Uber Eats employees pose a serious safety risk to New Yorkers by letting unvetted drivers, especially newly arrived immigrants, rent and borrow real accounts that give them access to customers’ homes. claims.
John Gray, who has worked as an Uber Eats delivery driver in New York for five years, said the platform’s delivery drivers do not provide identification or undergo criminal background checks, the Post reported. He said he doesn’t even operate under his real name. It may cause a disaster.
“Illegal labor using rented delivery apps is a serious safety issue when we enter people’s homes,” Gray said.
“In a walk-up building, you basically ring the intercom from outside, ring the door, and walk in. It’s the walk-up buildings that I feel have the biggest security gaps.”
Delivery drivers make three to five deliveries per hour, which means they can enter up to 60 homes a day during a 12-hour shift, and deliveries are made late at night and often in the morning. It added that the event will continue until after 3 p.m.
Gray’s concerns stem from the Post’s exposure of a black market that has sprung up for Uber delivery brokers, who primarily target new immigrants who enter the country penniless and without work permits in search of a cut of their income. arose later.
Three migrants interviewed last week said they set up Uber accounts using other people’s details, and two admitted to paying others for the privilege of using their profiles. Ta. The same goes for other food delivery services like Doordash and his GrubHub.
Uber requires new employees to present several forms of identification as part of the onboarding process and undergo annual criminal background checks.
“All delivery drivers using the Uber Eats app must pass a criminal background check, be at least 18 years old, and have valid work rights.
“Couriers that do not meet these standards, including regular identity verification checks that require couriers to take a selfie to confirm their identity, will no longer be able to partner with Uber Eats,” said Josh Gold, a company spokesperson. Stated.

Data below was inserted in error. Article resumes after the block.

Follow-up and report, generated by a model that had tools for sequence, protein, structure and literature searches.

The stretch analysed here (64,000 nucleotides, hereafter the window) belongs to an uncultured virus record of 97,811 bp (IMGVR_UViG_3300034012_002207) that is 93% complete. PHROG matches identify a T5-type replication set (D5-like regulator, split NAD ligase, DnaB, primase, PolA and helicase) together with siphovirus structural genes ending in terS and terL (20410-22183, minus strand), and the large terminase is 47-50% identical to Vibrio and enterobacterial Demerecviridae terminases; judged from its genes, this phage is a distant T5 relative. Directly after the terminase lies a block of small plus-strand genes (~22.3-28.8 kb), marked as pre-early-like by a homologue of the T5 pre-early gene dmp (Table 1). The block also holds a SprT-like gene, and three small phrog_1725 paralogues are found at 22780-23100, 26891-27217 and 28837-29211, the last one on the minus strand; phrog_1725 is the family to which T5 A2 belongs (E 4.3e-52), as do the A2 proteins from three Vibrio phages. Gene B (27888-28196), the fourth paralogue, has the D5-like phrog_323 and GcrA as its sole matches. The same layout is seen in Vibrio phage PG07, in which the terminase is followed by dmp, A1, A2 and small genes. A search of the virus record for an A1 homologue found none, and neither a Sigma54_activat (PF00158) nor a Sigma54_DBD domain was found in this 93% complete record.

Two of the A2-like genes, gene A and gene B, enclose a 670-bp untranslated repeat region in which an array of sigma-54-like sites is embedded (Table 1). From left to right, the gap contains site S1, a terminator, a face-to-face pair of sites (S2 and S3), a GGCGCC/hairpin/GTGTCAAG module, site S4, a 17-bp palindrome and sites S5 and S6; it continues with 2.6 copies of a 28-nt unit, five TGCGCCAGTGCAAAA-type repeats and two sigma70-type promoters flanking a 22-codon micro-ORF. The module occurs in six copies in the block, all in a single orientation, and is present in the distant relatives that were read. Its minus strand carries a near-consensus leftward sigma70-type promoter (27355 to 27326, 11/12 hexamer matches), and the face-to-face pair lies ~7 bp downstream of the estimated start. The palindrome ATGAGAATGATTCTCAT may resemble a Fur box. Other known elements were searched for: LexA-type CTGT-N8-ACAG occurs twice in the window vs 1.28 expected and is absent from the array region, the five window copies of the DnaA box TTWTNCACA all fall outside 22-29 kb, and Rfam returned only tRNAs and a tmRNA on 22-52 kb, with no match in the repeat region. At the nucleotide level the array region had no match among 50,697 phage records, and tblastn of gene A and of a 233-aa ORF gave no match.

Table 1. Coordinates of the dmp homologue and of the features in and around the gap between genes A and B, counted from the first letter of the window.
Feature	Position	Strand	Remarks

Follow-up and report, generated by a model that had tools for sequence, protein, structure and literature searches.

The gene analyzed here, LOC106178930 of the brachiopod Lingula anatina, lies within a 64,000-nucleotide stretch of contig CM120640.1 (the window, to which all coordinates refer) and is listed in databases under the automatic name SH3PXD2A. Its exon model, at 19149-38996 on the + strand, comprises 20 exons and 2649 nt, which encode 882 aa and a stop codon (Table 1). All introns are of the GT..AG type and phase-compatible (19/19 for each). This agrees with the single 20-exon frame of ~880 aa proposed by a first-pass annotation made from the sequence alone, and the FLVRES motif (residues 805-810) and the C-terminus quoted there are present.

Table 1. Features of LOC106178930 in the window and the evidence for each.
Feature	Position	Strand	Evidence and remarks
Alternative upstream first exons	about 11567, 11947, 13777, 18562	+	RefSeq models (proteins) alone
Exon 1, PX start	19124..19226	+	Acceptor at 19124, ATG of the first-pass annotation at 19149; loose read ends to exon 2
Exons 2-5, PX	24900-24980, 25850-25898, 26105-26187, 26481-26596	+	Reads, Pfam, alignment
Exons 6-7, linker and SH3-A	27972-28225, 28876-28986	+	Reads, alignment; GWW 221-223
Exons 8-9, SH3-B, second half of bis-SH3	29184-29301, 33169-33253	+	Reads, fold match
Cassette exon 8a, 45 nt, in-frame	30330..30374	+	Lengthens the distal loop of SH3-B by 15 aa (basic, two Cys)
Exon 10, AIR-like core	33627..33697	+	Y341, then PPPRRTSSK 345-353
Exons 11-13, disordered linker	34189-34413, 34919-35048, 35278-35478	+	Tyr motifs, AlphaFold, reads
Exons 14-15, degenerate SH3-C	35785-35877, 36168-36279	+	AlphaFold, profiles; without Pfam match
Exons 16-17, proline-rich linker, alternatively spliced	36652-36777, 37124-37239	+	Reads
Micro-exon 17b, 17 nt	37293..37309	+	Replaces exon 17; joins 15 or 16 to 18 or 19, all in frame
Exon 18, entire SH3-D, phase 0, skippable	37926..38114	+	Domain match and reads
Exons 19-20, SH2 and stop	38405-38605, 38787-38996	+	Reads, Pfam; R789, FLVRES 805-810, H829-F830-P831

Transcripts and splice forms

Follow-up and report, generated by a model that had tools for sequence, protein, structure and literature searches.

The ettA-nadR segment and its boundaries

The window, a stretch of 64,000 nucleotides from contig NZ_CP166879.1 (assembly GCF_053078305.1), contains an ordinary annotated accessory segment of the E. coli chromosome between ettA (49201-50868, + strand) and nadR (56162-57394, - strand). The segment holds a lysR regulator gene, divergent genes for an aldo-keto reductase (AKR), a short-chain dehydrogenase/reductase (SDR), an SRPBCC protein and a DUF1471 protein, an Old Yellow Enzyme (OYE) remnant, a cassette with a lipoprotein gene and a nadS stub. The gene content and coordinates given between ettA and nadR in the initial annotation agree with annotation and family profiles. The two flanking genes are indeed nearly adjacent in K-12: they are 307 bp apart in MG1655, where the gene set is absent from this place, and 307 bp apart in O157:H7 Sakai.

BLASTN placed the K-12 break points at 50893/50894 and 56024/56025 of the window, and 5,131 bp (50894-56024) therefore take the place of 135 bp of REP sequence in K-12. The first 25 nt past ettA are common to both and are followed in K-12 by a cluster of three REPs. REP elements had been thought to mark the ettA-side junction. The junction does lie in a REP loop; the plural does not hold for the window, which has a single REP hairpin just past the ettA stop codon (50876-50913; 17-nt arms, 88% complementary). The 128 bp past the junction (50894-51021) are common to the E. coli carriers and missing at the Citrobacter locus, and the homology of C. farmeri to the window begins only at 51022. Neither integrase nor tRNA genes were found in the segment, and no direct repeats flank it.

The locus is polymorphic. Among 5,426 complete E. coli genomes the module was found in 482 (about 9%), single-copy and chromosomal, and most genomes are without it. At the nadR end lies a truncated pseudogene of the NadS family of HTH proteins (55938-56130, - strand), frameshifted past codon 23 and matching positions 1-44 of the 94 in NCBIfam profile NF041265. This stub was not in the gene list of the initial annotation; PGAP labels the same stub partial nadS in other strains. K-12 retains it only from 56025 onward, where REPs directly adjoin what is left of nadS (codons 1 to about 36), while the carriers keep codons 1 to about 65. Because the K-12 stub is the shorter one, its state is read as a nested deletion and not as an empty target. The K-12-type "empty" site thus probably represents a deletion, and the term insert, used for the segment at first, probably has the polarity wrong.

But Gray, who has made more than 4,000 deliveries for Uber since 2018 and has a 92% profile satisfaction rating, says that if you check in often, you can easily “do away with this illegal job tomorrow.” claims.
“[Uber Eats] We use facial recognition to perform random security checks…approximately once a week. It only takes 10 seconds.
“The app will freeze your account and ask you to take and send a selfie. It will use facial recognition to match it in real time to the photo you used to register. After facial recognition, your account will be unlocked. will be done.
“If Uber Eats strengthened its security checks every hour, illegal activities would stop.” [because] Unregistered workers have to stop working and corner registered users, making it impractical to work.
“It’s just a simple change in app settings,” he added.
Food delivery apps are a significant growing business in New York, generating $217.6 billion in revenue last year, compared to $91.4 billion in 2019, according to business data platform Statista.
Uber said it is currently working on strengthening security.
“We have made it clear that account sharing is never allowed, and it is inaccurate to say that the company is not doing anything to address these issues. We take these issues seriously. “We have begun a new audit of accounts for fraudulent activity in response to recent reports,” said Josh Gold, a company spokesperson.
Even though New York City is the largest market for DoorDash, Uber Eats, and Grubhub, the companies do not release revenue by state.
In July, the city passed a bill raising the minimum wage for app-based delivery workers to $17.96 an hour, not including tips. The companies have sued the city, but it has not yet taken effect.
Meanwhile, newcomers are taking jobs that veteran workers are turning down, jobs that pay a base wage of just $2.60 for trips that can take more than 20 minutes, people told the Post.
Gray, who uses his bicycle to make deliveries, said his income from the app has been affected over the past six months as he has seen fewer jobs on the app and lower wages.
However, he added that delivery is just a side job because he has office work to do on weekdays.